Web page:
The Python runtime in the standard environment includes the Python standard library, the App Engine libraries, and a few bundled third-party packages. In addition to those libraries, you can also use third-party libraries that are pure Python code with no C extensions.
You can add a third-party library to your app in one of two ways:
- Requesting a bundled third-party library in the
- Copying the third-party library's pure-Python source code into your application's source code.
Requesting a library
You can request a library by using the
libraries: directive in
libraries: - name: PIL version: "1.1.7" - name: webob version: "1.1.1"
- The library must be one of the supported runtime-provided third-party libraries.
- When deployed, App Engine will provide the requested libraries to the runtime environment.
- Some libraries must be installed locally.
Installing a third-party library
In order to use a third-party library, copy it into a folder in your project's source directory. The library must be implemented as pure Python code with no C extensions. The code is uploaded to App Engine with your application code, and counts towards file quotas.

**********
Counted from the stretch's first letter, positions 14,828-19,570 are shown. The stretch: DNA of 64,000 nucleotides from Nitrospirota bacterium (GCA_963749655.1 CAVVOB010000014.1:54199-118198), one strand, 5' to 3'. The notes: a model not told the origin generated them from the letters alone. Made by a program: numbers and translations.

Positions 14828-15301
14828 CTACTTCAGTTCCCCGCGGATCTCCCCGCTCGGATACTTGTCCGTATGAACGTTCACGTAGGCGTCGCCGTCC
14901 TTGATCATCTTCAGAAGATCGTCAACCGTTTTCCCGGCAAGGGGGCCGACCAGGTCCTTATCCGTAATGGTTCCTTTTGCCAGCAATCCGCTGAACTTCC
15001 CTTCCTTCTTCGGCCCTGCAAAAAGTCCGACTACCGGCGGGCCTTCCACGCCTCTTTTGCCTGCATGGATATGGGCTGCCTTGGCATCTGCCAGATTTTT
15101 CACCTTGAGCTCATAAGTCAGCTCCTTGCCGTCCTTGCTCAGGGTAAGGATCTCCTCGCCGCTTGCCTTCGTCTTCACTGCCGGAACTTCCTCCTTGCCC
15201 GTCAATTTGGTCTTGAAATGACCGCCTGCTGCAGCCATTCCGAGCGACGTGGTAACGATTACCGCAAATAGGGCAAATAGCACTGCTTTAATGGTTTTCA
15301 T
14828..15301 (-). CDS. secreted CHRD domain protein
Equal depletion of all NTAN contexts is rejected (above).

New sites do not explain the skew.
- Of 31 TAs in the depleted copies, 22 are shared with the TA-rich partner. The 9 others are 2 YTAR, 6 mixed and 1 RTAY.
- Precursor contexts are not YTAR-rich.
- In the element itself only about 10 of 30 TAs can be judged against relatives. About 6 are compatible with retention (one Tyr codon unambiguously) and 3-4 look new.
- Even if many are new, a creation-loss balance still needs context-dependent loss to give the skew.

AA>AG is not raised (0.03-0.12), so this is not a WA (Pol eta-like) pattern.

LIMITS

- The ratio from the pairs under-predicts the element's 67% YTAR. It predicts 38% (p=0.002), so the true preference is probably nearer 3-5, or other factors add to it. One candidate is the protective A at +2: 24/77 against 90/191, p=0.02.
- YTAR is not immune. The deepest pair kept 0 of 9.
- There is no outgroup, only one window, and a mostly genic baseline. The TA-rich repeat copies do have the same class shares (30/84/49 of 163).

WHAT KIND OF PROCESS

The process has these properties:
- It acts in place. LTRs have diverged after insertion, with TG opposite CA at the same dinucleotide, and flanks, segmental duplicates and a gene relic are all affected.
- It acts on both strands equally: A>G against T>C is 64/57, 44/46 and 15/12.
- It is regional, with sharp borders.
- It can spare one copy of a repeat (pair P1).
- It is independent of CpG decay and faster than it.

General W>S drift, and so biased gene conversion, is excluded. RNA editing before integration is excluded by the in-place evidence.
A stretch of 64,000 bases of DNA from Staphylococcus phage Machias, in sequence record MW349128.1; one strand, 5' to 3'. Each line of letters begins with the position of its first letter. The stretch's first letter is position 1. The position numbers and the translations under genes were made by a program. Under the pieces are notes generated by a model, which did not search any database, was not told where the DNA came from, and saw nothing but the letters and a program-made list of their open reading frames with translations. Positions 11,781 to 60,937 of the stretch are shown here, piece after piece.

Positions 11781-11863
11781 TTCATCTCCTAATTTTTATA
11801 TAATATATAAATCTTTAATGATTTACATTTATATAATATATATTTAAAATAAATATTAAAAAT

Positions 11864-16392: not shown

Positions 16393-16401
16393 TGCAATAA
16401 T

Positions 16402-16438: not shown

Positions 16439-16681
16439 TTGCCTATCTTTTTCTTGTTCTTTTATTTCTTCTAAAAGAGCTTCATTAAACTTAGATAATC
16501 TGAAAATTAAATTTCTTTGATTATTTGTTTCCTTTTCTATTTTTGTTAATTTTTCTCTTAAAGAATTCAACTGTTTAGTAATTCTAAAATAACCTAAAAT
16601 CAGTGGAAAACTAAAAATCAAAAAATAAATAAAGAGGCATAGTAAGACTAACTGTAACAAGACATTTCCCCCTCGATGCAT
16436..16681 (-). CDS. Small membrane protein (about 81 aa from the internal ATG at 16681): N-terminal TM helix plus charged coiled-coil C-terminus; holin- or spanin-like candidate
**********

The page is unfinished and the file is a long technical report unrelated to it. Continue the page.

To copy a library into your project:
Create a directory to store your third-party libraries, such as
Use pip (version 6 or later) with the
-t <directory>flag to copy the libraries into the folder you created in the previous step. For example:
pip install -t lib/ <library_name>
Create a file named
appengine_config.pyin the same folder as your
appengine_config.pyfile and provide your library directory to the
# appengine_config.py from google.appengint.ext import vendor # Add any libraries install in the "lib" folder. vendor.add('lib')
appengine_config.py file above assumes that the current working
directory is where the
lib folder is located. In some cases, such as unit
tests, the current working directory can be different. To avoid errors, you
can explicity pass in the full path to the